What should I do if I find out I have a latex allergy?
Although there is no treatment for latex allergy, you can reduce your risk of reaction by avoiding direct contact with latex. Take steps to find out which products in your environment contain latex. Then, find substitutes you can use for those products. It's also important to avoid breathing in latex particles from powdered gloves or other sources.
If you are a health care worker or a patient, everyone around you should wear powder-free latex gloves or non-latex gloves. If you are a health care worker, compare different kinds of non-latex gloves to find the ones that are best for you.
Always wear or carry a medical alert bracelet, necklace or keychain that warns emergency medical technicians (EMTs) and doctors that you are allergic to latex. Talk to your doctor about getting a prescription for an epinephrine self-injection pen, to use in case of a serious reaction. You may wish to carry non-latex gloves with you all the time for use by emergency personnel if you need medical attention.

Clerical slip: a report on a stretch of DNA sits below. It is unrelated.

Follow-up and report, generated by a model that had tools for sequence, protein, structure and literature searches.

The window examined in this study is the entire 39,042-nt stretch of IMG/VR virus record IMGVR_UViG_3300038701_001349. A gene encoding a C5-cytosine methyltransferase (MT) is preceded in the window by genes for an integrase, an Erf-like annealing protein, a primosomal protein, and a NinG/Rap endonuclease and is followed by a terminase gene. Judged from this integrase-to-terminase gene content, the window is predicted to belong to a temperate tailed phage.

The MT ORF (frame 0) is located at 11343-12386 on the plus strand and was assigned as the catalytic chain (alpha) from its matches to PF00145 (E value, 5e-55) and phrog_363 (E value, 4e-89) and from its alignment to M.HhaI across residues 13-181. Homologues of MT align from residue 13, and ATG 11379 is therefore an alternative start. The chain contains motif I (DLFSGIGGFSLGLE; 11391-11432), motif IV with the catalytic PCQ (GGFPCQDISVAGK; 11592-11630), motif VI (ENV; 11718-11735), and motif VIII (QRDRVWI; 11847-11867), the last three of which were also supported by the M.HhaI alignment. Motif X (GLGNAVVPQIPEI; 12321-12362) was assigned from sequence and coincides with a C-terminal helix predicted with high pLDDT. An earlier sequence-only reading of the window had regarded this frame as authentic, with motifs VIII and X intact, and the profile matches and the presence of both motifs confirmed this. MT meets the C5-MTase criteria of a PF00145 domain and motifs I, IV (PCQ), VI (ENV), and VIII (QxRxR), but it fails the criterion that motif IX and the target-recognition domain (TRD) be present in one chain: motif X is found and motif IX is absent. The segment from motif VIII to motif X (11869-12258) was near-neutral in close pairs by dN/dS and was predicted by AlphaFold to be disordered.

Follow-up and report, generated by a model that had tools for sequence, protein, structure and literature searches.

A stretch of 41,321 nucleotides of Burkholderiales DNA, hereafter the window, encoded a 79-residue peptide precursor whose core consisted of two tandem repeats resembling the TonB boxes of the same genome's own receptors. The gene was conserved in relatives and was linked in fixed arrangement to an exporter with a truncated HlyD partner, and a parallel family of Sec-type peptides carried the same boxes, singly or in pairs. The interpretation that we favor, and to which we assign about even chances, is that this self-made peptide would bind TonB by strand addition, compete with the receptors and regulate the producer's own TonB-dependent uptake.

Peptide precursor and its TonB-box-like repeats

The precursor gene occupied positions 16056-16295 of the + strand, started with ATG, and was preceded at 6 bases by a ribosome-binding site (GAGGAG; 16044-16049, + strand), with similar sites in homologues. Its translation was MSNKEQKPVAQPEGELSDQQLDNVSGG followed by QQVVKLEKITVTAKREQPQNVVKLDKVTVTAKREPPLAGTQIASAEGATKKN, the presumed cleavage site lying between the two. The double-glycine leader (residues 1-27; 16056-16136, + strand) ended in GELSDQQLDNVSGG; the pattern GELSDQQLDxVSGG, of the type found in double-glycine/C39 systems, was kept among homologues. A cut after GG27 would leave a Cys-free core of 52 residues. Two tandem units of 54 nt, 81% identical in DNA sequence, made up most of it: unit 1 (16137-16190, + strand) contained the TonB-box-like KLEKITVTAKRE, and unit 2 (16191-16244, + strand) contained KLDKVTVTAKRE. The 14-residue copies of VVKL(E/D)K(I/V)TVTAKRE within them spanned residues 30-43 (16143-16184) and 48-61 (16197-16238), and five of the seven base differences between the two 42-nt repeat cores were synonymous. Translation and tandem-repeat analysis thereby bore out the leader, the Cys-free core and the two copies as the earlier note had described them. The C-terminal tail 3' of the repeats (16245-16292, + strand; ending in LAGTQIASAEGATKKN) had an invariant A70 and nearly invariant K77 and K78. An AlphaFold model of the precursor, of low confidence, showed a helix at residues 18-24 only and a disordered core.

If you are exposed to latex at your job, tell your employer and co-workers about your latex allergy. Avoid latex gloves completely if you're not at risk for blood and body fluid contamination. Use powder-free gloves if latex gloves are preferable. These measures will help keep others from becoming allergic to latex.